Rates for home loans ticked up slightly, but look set to fall in the coming weeks as investors gird for a slower-growth economy.
The 30-year fixed-rate mortgage averaged 4.46% in the January 31 week, mortgage guarantor Freddie Mac said Thursday. That was up just one basis point compared to the prior week, and marked the first time in 2019 that the popular product had charted an increase.
The 15-year fixed-rate mortgage averaged 3.89%, also up one basis point. The 5-year Treasury-indexed hybrid adjustable-rate mortgage averaged 3.96%, up from 3.90%.
Fixed-rate mortgages follow the path of the 10-year U.S. Treasury note. The chart shows just how closely that relationship has been, over several decades and in good times and bad.
Demand for assets like Treasurys, which are considered safe havens, has strengthened in recent weeks as investors have concerns about slowing global economic growth. Bond yields decline as prices rise.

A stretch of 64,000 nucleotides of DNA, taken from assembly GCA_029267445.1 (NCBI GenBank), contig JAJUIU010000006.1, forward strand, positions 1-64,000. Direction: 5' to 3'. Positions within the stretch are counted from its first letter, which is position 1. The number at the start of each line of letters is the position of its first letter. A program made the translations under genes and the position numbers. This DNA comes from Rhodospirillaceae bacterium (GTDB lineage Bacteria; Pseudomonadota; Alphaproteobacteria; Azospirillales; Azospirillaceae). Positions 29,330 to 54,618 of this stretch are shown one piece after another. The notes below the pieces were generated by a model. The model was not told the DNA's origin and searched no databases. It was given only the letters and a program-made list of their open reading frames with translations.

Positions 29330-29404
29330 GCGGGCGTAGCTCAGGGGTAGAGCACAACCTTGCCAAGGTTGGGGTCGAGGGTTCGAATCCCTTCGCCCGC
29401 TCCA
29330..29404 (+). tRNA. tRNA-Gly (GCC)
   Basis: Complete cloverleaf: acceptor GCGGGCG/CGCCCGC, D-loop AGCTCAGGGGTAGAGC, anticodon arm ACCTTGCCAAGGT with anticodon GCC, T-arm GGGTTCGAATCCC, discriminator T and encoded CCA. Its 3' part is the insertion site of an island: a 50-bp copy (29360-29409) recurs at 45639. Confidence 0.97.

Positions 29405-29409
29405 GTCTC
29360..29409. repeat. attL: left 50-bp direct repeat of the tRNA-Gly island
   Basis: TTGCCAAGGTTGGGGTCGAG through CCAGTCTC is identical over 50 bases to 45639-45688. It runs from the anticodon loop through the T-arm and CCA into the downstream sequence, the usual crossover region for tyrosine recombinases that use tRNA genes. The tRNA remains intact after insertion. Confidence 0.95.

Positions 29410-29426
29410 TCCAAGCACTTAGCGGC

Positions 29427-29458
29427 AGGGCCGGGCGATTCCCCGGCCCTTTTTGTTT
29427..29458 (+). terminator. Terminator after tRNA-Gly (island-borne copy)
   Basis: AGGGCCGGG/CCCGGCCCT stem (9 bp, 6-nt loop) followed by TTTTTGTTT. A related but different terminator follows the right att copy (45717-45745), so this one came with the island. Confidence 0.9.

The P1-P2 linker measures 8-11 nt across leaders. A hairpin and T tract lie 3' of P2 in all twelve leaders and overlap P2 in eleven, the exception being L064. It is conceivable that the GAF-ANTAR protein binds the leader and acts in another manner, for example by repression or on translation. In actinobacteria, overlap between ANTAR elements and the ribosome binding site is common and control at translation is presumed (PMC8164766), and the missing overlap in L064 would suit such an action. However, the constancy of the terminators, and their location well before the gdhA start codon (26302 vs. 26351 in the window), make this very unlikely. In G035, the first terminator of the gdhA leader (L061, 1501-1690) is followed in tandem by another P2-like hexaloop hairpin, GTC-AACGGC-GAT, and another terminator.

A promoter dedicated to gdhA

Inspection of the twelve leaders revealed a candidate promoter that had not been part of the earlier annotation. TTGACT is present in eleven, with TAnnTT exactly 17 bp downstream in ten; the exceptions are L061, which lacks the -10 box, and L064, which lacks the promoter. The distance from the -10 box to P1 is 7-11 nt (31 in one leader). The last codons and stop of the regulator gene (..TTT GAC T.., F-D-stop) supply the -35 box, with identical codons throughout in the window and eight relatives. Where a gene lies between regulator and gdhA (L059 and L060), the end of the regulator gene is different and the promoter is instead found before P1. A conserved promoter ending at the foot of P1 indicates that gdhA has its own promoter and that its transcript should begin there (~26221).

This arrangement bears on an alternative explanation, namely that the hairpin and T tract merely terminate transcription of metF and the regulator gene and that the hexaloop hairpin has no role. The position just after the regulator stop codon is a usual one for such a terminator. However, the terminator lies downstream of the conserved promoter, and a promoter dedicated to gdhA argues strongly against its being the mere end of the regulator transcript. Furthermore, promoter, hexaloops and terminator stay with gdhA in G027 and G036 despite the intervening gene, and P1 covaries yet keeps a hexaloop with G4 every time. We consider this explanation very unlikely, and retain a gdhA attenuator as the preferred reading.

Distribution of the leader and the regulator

In the wake of the Federal Reserve’s decision Wednesday to stand pat on interest rate increases, investor interest in bonds has surged, sending yields down again, including the longer end of the Treasury yield curve that more directly impacts mortgage rates. The sentiment change is because bonds may look like a better long-term investment than stocks as the economy weakens, and if inflation and interest rates remain steady, fixed-income assets won’t erode in value.
That’s certainly a boon for house-hunters. Yet the same housing headwinds that battered the market in 2018 remain: limited supply of properties at the prices demanded by most Americans.